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Pediatr Infect Dis J. 2000 Sep;19(9):828-32.

The incidence of Kawasaki syndrome in West Coast health maintenance organizations.

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Division of Viral and Rickettsial Diseases, National Center for Infectious Diseases, Centers for Disease Control and Prevention, Atlanta, GA, USA.



Kawasaki syndrome (KS) causes an acute vasculitis of unknown etiology. It is a leading cause of acquired heart disease of children in Japan and the United States.


We examined the incidence of KS in a well-defined population group of children < or =6 years of age, using data collected through the Vaccine Safety Datalink (VSD) project. The VSD database contains information on >1 million children enrolled in four West Coast health maintenance organizations (HMOs).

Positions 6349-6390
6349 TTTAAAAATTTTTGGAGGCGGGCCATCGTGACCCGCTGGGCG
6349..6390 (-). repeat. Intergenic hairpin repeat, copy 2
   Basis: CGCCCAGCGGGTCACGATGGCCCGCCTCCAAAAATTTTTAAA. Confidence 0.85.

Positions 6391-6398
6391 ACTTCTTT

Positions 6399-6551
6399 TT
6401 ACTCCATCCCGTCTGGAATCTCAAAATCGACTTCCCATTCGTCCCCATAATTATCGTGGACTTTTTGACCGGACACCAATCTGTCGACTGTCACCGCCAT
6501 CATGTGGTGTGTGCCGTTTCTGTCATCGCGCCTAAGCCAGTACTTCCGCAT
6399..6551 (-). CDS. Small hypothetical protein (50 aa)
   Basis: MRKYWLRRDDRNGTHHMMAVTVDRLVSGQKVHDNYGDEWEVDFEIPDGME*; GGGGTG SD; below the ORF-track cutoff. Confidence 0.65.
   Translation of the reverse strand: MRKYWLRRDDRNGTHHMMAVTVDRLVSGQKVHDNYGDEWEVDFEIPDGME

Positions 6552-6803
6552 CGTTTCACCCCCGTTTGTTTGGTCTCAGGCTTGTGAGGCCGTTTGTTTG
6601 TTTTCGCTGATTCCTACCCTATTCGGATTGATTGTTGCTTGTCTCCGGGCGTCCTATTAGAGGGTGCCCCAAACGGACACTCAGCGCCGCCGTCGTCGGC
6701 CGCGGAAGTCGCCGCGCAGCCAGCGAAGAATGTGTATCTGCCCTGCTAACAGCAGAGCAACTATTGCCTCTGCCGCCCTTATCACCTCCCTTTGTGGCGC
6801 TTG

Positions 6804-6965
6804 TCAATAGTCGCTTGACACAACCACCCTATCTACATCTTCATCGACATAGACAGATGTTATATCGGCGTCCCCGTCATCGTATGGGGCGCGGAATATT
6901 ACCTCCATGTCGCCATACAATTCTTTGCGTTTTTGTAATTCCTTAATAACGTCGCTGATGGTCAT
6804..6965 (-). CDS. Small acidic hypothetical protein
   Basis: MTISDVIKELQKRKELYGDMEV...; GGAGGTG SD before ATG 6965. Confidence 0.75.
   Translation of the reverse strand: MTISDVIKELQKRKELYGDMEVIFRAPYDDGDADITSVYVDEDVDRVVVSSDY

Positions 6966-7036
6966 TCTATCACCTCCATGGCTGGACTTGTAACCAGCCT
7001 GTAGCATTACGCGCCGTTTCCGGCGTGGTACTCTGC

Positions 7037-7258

During 1993 through 1996 a total of 234 physician-diagnosed KS patients were reported in the 4 HMOs; 152 (65.0%) were boys and 195 (83.3%) were <5 years of age. The incidence of KS among children <5 years of age in the HMOs ranged from 9.0 to 19.1 per 100,000 person years. KS incidence was higher among boys in 3 of the sites. In the 2 sites with the highest number of KS patients, a seasonal occurrence of KS in winter and early spring was observed. Overall 226 (96.6%) of the KS patients were reported to have been hospitalized; hospitalization rates for children <5 years of age ranged from 9.0 to 16.8 per 100,000 person years.


The incidence of KS in the HMOs was similar to that reported in other population-based studies in the United States and higher than estimates for Australia and several European countries.

[Indexed for MEDLINE]

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